The Senate on Monday approved Miguel Cardona, a longtime advocate for disadvantaged students and the former Connecticut K-12 schools chief, to serve as the 12th U.S. Secretary of Education.
Cardona sailed through the confirmation process in contrast to his predecessor, Betsy DeVos, with a final vote of 64 to 33.
Other recent appointees show the department’s leadership team taking shape. James Kvaal, an Obama administration official, was nominated for the top position overseeing higher education.
President Joe Biden’s selection of Cardona fulfills his pledge to pick an Education Secretary with a background working in public schools. Cardona became the head of Connecticut’s K-12 schools in 2019, after many years as an elementary school principal.
He does not have extensive higher education experience, but was nevertheless lauded by many industry groups for his work helping students of color and those who are low-income. Cardona has had some exposure to postsecondary education as a University of Connecticut trustee, which gives him a “clear view” of institutions’ challenges, American Council on Education President Ted Mitchell told Higher Ed Dive in December.
Prior to the vote, one of senators from Cardona’s home state, Chris Murphy, a Democrat, praised Cardona as a consensus builder who was uniquely qualified to address the pain brought by the pandemic. Murphy drew attention to Cardona as a first-generation college student who returned after graduating to assist the vulnerable members of his community. Murphy recalled a story of Cardona as a teacher who spent hundreds of dollars of his own money ensuring his students had supplies.
“Miguel is made for this moment,” he said.
Cardona has so far mostly enjoyed bipartisan backing, which was on display during his breezy confirmation hearing last month. He primarily faced criticism from a couple of Republican lawmakers for his support of legal protections for transgender students. During that session, Cardona stressed the need to support career and technical training, as well as two-year schools, referring to them as the country’s “best-kept secret.”
The administration is starting to fill out other top slots in the department’s leadership slate. Notably, the White House nominated Kvaal — most recently the president of The Institute for College Access & Success — as under secretary of education. He will be the top official charged with crafting higher ed policy.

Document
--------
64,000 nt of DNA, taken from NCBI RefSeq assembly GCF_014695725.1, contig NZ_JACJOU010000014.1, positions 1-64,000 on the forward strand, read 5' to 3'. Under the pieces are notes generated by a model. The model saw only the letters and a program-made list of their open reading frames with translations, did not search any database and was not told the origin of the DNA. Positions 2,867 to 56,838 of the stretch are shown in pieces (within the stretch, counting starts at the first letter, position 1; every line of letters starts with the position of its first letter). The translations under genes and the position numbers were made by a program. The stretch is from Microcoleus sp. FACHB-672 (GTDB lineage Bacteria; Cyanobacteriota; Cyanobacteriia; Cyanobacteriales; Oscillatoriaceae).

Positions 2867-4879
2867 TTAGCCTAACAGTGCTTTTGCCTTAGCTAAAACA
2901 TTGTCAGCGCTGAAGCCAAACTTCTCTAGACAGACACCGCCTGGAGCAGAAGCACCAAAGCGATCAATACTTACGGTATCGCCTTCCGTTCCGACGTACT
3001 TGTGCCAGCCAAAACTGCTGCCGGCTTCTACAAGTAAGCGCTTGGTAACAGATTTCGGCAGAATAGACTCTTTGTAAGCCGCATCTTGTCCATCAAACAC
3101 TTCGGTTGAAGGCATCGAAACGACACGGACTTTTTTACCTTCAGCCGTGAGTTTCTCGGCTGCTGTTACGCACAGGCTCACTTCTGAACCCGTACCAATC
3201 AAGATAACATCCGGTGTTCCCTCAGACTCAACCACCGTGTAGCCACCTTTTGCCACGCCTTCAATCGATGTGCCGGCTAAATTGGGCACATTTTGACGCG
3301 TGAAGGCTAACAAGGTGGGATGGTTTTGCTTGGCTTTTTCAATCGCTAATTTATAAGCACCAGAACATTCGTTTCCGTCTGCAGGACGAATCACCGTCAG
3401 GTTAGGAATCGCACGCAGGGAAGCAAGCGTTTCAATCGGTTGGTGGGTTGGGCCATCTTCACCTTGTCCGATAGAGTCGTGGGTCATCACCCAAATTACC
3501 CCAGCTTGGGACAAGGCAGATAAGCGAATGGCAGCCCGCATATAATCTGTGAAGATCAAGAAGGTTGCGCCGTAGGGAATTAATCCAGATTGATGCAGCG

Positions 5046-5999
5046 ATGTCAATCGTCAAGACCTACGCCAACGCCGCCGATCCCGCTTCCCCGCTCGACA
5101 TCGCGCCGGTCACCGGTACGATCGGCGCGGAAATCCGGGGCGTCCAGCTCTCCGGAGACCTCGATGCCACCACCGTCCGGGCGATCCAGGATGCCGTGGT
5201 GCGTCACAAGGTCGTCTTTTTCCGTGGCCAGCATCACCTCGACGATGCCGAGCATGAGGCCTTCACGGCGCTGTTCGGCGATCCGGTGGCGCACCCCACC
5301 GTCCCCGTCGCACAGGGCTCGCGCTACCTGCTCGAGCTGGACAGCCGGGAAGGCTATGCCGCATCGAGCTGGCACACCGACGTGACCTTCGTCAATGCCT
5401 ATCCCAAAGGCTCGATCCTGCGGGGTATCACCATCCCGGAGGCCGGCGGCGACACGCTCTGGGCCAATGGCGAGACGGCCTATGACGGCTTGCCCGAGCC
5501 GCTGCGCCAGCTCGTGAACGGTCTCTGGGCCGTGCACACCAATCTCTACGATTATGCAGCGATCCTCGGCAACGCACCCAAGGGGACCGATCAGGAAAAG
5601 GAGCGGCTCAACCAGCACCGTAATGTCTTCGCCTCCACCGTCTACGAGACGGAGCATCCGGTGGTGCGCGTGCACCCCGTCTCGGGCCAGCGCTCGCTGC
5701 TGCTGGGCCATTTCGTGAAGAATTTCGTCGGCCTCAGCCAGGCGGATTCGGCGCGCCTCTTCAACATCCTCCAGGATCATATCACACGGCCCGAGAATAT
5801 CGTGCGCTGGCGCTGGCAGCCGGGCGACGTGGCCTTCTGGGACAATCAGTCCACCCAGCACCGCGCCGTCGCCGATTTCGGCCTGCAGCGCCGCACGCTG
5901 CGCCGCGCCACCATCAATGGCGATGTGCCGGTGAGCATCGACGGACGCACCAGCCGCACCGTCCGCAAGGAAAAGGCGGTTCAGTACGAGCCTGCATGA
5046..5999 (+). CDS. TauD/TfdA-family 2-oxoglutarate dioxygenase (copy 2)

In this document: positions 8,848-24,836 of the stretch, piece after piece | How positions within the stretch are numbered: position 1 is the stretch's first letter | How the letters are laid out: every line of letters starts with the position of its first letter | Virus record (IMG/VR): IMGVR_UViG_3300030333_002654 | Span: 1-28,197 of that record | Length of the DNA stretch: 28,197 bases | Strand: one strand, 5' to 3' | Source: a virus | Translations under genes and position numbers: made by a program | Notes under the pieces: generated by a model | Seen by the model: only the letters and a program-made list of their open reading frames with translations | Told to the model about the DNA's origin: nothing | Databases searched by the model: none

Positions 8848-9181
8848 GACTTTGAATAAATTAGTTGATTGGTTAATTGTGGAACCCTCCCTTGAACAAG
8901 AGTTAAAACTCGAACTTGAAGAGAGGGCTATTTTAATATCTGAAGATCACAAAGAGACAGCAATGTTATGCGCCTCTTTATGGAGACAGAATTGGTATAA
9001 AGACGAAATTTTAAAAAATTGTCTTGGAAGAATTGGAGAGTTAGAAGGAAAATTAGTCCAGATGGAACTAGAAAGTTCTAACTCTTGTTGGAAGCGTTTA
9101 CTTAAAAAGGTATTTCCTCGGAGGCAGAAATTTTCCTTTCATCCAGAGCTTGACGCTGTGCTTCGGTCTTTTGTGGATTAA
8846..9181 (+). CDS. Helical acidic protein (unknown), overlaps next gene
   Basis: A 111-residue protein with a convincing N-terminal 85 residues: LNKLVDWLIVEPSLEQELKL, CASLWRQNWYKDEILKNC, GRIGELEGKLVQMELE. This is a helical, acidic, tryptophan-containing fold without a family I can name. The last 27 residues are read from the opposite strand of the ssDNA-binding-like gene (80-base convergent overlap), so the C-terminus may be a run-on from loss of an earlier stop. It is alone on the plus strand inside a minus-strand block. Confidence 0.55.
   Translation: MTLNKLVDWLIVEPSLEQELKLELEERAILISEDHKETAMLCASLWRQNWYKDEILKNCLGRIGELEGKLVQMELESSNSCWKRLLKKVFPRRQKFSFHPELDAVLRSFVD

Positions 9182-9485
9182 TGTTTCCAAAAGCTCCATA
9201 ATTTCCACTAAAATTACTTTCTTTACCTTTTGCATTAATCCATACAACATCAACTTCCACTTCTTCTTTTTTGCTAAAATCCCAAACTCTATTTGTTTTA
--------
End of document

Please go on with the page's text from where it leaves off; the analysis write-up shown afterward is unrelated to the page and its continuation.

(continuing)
Terry Hartle, senior vice president of government relations and public affairs at ACE, said in a recent interview that Kvaal and other Biden appointees are “experienced and accessible.”
Kvaal was deeply involved with the Obama administration’s revamp of the federal student loan system and its regulatory crackdown on for-profit institutions. Hartle said he expects Kvaal will continue these efforts.
One of the department’s most immediate tasks will likely be distributing $40 billion or so in direct relief money to colleges that would be made available through the coronavirus aid package Congress is expected to pass. While DeVos made past rounds of funding available quickly, the Trump administration also moved to restrict certain students from qualifying for aid, prompting several high-profile legal battles.
ACE and other higher ed groups have also pressed the Biden administration on a number of other initiatives: investing in historically Black colleges, doubling the Pell Grant, and assisting recipients of the Deferred Action for Childhood Arrivals program, which protects foreign nationals who came to the U.S. illegally as children from deportation. It also offers them options for education and employment.
Biden has already introduced a robust new immigration bill that creates new paths for unauthorized immigrants, including DACA participants, to secure legal citizenship.
Democrats are also eager to undo DeVos’ rule governing how campuses should investigate and potentially punish campus sexual violence. Activists for sexual assault survivors argued the regulation reduced protections for victims, as well as the number of cases colleges would need to handle.
Several of the Trump administration’s other education-related regulations are likely on the chopping block, though reversing them involves an intensive rulemaking process that could last years.